fascinating and moving listening in
contemporary music, and his venture
into film scoring is long overdue.
Regrettably this effort, for Alan
Parker's adaptation of William Whar-
ton's novel, falls short of expectations.
A good portion of the score is recycled
songs from earlier Gabriel
albums- "Wallflower," "San Jacinto,"
and "Family Snapshot"- stripped
down to stark minimalist arrangemen-

EO TSAT., SUN.
o FIELDS FST SHOW1
FRI, MON.4:30,7:00,9:35 $2.00
SAT, SUN. 1:00, 4:00, 7:00, 9:35

BASED ON A TRUE STORY
MASK
Starring CHER
SAM ELLIOTT
and ERIC STOLTZ .Th
FRI., MON. 5:00,7:20,.9:40
SAT., SUN. 12:30, 2:45, 5, 7:20, 9:40

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Seasoned conductor brings out the best

L(R))

Ikk

By Neil Galanter

Place: Rackham Auditorium
Time: Approximately 8:40 p.m.
Accomplice: Polish Composer Witold
Lutoslawski
A quiet duet between two cellos, som-
ber yet richly textured and tonally at-
tractive. The music grows little by lit-
tIe, a viola joins the two cellos, then the
; rest of the cello section, the pace
quickens and tightens and finally the
violins enter. Now within a few short
minutes the entire Polish Chamber Or-
chestra and conductor Jerzy
Maksymiuk are playing the Prologue
from Lutoslawki's Musique Funebre
(Funeral Music). The performance is
tightly controlled and attention getting
in every respect.
Throughout the rest of this solemn.
.. score of music, the orchestra (Thur.
sday night) played with a wealth of
tonal colors, dynamics, shapes and
characters. Maksymiuk and the en-
semble made this Musique Funebre
- come alive from the deceased. The

music was mesmerizing and it was an
awakening.
After this Lutoslawski, Haydn, cellist
Jerzy Klocek and the Cello Concerto in
C Major became our principle diver-
sion. Klolek, the principal cellist in the
group, stepped down from his position
to play a highly intellectual and well
thought out performance of Haydn's
bouncy piece. Klocek produced an ad-
mirable tone quality from his in-
strument, and at the same time he
shaped his phrases affectionately.
Perhaps his overall performance
lacked some of the bounce, spark, and
bouyancy that is necessary for this
work. The orchestra had all of these
qualities though, - and they provided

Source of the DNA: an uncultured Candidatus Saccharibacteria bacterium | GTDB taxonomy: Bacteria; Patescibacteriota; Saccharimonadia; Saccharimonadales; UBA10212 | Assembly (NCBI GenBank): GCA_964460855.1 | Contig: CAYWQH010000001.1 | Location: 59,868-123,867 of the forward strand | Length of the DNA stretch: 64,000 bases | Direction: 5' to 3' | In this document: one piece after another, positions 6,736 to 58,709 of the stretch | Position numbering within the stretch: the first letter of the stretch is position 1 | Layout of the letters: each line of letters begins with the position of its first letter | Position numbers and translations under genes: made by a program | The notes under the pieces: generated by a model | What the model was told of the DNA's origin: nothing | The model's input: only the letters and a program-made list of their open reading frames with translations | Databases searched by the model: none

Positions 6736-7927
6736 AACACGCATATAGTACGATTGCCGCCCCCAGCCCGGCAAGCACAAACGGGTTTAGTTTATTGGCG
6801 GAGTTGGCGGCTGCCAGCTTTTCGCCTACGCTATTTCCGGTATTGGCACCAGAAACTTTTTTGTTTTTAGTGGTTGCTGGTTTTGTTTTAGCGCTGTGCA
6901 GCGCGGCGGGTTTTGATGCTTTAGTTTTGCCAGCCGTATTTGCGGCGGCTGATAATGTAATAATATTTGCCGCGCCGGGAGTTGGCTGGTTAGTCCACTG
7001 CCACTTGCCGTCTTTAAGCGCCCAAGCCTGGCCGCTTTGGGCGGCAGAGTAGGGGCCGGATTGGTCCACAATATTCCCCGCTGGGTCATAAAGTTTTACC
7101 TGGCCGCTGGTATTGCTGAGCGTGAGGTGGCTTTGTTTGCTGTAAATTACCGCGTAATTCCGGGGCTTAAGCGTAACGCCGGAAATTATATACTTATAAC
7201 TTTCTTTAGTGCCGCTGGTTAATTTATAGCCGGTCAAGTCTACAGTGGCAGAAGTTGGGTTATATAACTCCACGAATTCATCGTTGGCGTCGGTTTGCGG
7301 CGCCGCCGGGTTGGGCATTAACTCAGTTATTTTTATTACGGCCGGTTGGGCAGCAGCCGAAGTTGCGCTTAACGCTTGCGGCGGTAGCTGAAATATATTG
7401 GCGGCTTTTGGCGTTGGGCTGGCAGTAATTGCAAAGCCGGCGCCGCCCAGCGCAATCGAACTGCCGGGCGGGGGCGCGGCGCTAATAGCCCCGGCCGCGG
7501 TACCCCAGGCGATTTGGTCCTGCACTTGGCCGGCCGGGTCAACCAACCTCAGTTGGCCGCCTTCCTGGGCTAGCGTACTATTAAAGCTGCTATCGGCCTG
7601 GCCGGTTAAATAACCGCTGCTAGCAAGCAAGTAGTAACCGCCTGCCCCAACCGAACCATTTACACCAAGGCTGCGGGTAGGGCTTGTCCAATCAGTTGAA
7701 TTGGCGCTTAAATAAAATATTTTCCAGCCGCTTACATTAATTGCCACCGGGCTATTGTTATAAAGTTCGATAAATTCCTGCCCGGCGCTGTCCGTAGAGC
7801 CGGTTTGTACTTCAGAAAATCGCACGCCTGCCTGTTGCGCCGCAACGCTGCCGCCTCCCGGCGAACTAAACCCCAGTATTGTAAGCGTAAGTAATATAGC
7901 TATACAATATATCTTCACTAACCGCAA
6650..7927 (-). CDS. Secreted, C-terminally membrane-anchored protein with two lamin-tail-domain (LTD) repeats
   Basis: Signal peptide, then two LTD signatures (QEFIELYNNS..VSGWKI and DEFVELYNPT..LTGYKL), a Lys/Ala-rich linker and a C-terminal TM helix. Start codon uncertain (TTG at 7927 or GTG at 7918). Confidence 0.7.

solid support for Klocek throughout.
.The performance was fairly well
balanced because where Klocek was
deficient in fire, the orchestra compen-
sated by filling the occasional void.
Intermission: Next! Relax, talk,
socialize, etc...
Then... Max Reger's Intermezzo for
Orchestra. A lovely short work for or-
chestra, played with balminess, and
accompanied by the orchestra's hearty

tone. The piece served perfectly as
the intermezzo it is, breaking up the
program and putting a good space bet-
ween the Haydn and the last work
which was Shostakovich's Chamber
Symphony in C Minor, Op.110a.
This is one of Shostakovich's lesser
played masterpieces; however the
diversity and uniqueness of the work
certainly do not merit its semi-
obscurity. The piece is an excellent
sampling of Shostakovich's pen
because it quotes and draws upon
material from a variety of his other
works.
Maksymiuk led the Polish Chamber
Orchestra in a masterful performance
of the work. Their reading showed a
great deal of skill in the contrapuntal
textures of the prelude,and the Alegret-
to waltz section was especially ear-
pleasing. Crisp articulations from the
violins, scattered pizzicatti both con-
tributed to the overall enjoyment. The
final two sections of the work, which
are both entitled "Largo" were also
played very adroitly. Maksymiuk was
able to create the appropriate somber-
ness and elegance needed in these two

gravely serious sections.
VERDICT: The Polish Chamber
Orchestra gave one of the most
unusual and diverse orchestral
programs I-have heard in a long time.
They also proved that they are a
sophisticated ensemble with a seasoned
conductor who knows how to pull the
best music from them.